James Braid

James Braid, a Scotsman and five-time Open Championship winner between 1901 and 1910, has left an enormous legacy for golf in both the United Kingdom and Ireland.

Braid courses range from prestigious tournament venues such as Carnoustie and Gleneagles to lesser known clubs in areas that one would not initially deem to be havens of high quality golf, but that is part of the charm of the Braid collection, and why so many golfers strive to experience every one.

Strewn across coastal links, inland park and heathland alike, the Braid courses are brought together by a common set of characteristics – high quality, very interesting and, most of all, challenging within their own limits. They therefore represent a good portion of the UK and Ireland’s best golf opportunities.

Braid was born in Earlsferry, just outside Elie in Fife in 1870. He played golf at Elie from a young age and won his first tournament at the age of eight ! He worked as a clubmaker before turning pro in 1896. He had problems at the start of his pro career with his putting, but after switching to an aluminium putter in 1900, he became a many times winner.

He was one of a famous early 1900’s triumvirate, with himself, Harry Vardon and John Henry Taylor dominating golf for many years up to the First World War. Braid was founder and President of the PGA – The Professional Golfers Association.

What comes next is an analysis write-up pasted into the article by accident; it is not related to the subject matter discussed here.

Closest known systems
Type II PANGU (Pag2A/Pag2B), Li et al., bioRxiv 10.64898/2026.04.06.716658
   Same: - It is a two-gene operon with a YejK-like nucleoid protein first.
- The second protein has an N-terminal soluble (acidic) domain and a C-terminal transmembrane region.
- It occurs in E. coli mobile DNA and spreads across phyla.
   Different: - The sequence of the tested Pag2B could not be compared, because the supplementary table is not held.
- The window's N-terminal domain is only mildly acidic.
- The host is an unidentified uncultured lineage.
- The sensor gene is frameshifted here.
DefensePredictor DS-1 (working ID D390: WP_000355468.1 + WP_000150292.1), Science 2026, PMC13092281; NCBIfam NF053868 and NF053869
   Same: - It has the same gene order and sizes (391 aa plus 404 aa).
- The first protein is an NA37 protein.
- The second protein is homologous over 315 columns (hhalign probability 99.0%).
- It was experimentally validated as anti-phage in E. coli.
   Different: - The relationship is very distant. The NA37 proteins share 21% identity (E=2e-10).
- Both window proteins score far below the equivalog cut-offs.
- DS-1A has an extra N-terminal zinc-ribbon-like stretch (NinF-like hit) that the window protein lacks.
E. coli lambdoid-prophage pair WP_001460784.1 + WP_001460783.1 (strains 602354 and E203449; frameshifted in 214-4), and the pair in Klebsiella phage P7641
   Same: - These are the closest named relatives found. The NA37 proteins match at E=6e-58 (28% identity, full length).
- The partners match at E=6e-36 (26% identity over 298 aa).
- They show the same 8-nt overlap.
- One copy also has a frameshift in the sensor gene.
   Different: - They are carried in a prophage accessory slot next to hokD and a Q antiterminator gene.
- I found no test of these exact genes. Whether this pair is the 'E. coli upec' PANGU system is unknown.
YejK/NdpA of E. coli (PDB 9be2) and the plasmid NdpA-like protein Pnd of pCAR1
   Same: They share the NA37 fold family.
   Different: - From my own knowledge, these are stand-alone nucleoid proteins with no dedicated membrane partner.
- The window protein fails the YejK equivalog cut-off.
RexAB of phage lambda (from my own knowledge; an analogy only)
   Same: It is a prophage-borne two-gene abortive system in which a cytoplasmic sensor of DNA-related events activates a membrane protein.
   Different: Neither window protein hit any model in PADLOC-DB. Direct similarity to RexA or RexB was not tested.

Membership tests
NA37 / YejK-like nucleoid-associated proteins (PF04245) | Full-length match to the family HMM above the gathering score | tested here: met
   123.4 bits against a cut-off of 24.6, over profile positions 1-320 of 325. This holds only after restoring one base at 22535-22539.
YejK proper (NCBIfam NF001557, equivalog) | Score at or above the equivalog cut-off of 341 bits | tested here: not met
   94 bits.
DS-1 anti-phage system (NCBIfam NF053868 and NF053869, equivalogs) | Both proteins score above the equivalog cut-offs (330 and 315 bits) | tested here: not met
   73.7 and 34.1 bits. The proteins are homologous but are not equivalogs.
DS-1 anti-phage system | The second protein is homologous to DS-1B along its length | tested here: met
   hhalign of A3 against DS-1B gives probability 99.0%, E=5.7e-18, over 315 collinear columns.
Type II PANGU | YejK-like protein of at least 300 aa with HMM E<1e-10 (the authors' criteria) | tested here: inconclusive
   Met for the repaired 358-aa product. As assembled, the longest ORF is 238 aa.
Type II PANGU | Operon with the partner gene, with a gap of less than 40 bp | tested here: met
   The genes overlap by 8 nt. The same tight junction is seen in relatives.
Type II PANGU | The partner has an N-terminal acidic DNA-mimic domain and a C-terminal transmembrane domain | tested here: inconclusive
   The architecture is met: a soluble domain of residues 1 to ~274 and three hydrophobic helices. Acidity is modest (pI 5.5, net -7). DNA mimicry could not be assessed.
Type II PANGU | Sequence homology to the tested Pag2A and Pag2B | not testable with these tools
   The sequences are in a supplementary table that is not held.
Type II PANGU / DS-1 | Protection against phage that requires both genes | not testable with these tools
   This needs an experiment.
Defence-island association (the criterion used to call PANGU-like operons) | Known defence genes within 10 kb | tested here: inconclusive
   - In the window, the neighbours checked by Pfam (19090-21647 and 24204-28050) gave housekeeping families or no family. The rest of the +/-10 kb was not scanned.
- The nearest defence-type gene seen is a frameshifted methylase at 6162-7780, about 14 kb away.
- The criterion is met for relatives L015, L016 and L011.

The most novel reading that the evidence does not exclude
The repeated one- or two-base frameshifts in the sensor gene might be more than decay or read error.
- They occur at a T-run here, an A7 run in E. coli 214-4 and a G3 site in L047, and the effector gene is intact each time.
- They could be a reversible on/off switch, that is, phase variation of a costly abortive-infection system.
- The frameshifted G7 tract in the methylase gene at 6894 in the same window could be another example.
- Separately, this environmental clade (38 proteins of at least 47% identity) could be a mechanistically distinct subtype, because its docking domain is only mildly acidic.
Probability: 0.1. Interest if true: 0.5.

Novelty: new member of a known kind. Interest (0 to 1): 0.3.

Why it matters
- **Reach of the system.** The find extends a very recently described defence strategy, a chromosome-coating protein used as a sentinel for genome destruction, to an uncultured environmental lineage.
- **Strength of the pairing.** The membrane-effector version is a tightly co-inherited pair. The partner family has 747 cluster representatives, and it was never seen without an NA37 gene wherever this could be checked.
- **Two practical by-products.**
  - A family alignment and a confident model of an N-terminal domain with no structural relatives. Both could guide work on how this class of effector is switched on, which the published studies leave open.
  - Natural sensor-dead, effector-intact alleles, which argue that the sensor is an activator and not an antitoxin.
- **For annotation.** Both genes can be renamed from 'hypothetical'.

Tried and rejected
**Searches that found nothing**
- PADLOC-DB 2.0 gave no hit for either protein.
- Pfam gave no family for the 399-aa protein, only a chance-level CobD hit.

He won his first Open at Muirfield in 1901. Then at St.Andrews in 1905, Muirfield again in 1906, Prestwick in 1908, and finally at St. Andrews in 1910. He also won the British PGA Matchplay Championship four times – in 1903, 1905, 1907, and 1911. Quite a record – and look at the courses he won on – true classic Scottish Links.

His achievement of retaining The Open claret jug in 1906 remained as a unique tribute to his skills for 102 years until Padraig Harrington repeated it in 2008.

James Braid became professional at Walton Heath in 1912 after cutting back on his tournament golf and concentrating on golf course design and architecture.

James Braid died in London in 1950, aged 80, having left an indelible mark on golf. He designed, remodelled and advised on well over 200 courses. Some people claim he invented the dogleg hole – still causing problems a hundred years later. He definitely did design the pot bunker shape – another problem for some people.

More information on James Braid Association courses can be found here -